Report: 86% Of All Vulnerabilities Found In Third-Party Programs; SCADA At Particular Risk

By | March 19, 2013

Posted in: Network Security Trends

Go ahead, patch those Microsoft products all you want. It won't necessarily make you impervious to attack, according to a new report.

A vulnerability review, issued last week by the vulnerability management company Secunia, found that 86 percent of vulnerabilities discovered in the most popular 50 programs in 2012 were in non-Microsoft (or “third-party”) programs, up 8 percent from their report last year. Over a five year period, the share of third-party vulnerabilities increased from 57 percent in 2007 to 86 percent in 2012.

Morten R. Stengaard, Secunia’s Director of Product Management, told Security Bistro that for users, there is a noticeable disconnect. In his estimation, while Microsoft does what he said was a good job of marketing their security fixes, users don't always know that their third-party applications require timely patching. If they do, he said, it might be a question of means.

"[Users] many times don't have the resources and tools in place to do so. Since managing software patches for third party products can be confusing and time consuming, as the third party vendors do not use a consistent tool to notify consumers about patches, they never get around to it," Stengaard said.

The remaining 14 percent of vulnerabilities were found in Microsoft programs and Windows operating systems – a much lower share compared to 2011, indicating that Microsoft continues to focus on security in their products, according to the findings.

The review found that the patches are becoming both more available and arriving on the scene faster. Eighty-four percent of vulnerabilities had patches available on the day of disclosure; therefore the power to patch end-points is in the hands of all end-users and organizations. In 2011, the number was 72 percent.

Even as issues with third-party applications appear to be growing year-to-year, Stengaard told Security Bistro that he retains some "cautious" optimism that this trend might have reached its zenith.

"The good news is that it is probably as bad as it can get, and therefore it can only get better," he said.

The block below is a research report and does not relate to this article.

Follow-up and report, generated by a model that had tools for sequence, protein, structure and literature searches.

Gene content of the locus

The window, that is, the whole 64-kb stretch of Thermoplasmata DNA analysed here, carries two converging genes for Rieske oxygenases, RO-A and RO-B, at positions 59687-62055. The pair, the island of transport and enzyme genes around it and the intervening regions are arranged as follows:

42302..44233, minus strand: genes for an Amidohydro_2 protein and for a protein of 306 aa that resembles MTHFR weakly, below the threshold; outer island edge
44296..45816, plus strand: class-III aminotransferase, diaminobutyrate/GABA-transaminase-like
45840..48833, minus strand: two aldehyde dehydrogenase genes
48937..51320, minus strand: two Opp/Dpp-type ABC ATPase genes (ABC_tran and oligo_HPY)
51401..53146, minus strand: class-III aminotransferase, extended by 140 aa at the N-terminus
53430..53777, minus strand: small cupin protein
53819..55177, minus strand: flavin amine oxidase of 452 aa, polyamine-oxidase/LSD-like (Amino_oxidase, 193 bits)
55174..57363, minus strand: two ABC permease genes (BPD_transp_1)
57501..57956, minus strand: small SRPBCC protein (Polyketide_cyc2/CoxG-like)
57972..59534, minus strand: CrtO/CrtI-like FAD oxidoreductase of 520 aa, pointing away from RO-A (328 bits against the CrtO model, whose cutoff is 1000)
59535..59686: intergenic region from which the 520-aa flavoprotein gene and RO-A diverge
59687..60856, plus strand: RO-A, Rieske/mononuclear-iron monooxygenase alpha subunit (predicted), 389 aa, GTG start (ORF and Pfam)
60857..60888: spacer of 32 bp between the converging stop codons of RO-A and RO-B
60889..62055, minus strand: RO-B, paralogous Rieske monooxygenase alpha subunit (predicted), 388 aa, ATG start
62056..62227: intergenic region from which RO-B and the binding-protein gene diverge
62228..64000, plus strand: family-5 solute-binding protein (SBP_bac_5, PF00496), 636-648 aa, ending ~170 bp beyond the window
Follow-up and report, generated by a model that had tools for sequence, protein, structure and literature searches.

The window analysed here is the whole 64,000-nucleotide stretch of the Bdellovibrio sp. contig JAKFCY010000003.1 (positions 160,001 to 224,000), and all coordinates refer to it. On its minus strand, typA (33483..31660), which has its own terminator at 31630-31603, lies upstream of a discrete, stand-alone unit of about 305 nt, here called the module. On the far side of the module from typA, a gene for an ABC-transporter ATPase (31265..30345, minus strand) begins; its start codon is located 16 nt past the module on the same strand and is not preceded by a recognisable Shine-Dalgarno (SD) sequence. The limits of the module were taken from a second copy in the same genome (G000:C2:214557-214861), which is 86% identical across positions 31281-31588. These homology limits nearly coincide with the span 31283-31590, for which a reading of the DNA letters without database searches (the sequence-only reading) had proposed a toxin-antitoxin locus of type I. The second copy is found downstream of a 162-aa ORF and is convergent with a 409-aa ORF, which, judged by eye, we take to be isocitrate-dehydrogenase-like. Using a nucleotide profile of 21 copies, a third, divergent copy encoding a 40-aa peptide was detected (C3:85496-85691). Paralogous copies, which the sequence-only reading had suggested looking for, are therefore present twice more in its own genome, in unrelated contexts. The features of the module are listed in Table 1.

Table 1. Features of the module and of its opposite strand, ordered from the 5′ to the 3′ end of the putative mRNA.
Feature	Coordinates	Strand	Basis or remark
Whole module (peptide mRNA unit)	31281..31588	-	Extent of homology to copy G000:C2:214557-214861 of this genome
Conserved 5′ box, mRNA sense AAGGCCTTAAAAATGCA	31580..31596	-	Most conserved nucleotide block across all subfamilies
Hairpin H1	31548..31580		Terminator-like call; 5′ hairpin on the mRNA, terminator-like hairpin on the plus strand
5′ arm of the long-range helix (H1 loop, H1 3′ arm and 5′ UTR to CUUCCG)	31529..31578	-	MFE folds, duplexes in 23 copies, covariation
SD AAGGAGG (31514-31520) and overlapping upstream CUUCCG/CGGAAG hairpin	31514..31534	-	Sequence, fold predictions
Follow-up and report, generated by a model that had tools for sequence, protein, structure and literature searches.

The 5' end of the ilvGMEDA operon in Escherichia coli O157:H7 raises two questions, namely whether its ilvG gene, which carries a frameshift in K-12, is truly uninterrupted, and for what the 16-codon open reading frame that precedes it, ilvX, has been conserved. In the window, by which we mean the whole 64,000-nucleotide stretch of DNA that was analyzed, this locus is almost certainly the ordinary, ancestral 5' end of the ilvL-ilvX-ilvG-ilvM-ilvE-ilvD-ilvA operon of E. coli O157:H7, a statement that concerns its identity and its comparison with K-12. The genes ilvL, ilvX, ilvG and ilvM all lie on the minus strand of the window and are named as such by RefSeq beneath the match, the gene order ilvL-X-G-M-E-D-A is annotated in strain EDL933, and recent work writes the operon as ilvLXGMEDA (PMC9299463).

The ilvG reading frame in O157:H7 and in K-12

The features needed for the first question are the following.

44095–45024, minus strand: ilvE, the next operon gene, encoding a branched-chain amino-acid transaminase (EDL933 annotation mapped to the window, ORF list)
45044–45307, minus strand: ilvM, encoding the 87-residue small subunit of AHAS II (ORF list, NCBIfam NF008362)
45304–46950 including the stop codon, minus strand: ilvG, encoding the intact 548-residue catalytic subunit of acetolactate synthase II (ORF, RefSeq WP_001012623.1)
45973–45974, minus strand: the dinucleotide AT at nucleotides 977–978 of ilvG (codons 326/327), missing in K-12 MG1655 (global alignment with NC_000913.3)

That caution, however, comes from the fact that a majority of SMBs, in Stengaard's estimation, do not currently patch their third-party applications. A problem when 86 percent of all vulnerabilities exist within this category.

The report also presented vulnerabilities in a number of areas, from browsers to vendors, but a sector that is often seen as increasingly vulnerable, might remain that way for the foreseeable future.

SCADA (Supervisory Control And Data Acquisition) security -- which governs the computer controlled systems that monitor and control industrial, infrastructure, and facility-based processes -- received some not-so positive news.

The report found that many industrial control system vulnerabilities remain unpatched for longer than one month in SCADA software. As for general SCADA vulnerability readiness, the report found that SCADA software today is at the stage mainstream software was 10 years ago: security updates are erratic (there is great variation in how they are handled), compared to what many accustomed to in mainstream programs.


So if, as Stengaard surmises, most SMBs opt not to patch their third-party applications, what can be done to stem the tide? Stengaard offers a pragmatic approach.

"The first thing is of course to acknowledge that this is an important problem that need to be solved to stay secure, and that relying on an antivirus solution and a firewall is simply not enough to keep cybercriminals away," he said. "Secondly, [Enterprises] need to implement a patch management solution that is easy to use, and can help them manage patches efficiently, without having to invest significant resources in this. The latter is important, since we see that the more resources are needed to get the job done, the higher the likelihood that third-party patches are neglected."

The Secunia Vulnerability Review analyzed the evolution of software security from a global, industry, enterprise and endpoint perspective, presenting data on vulnerabilities and exploits and the availability of patches. It then correlates this information with the market share of programs to evaluate the true threats.

You can download a copy of the complete report HERE.


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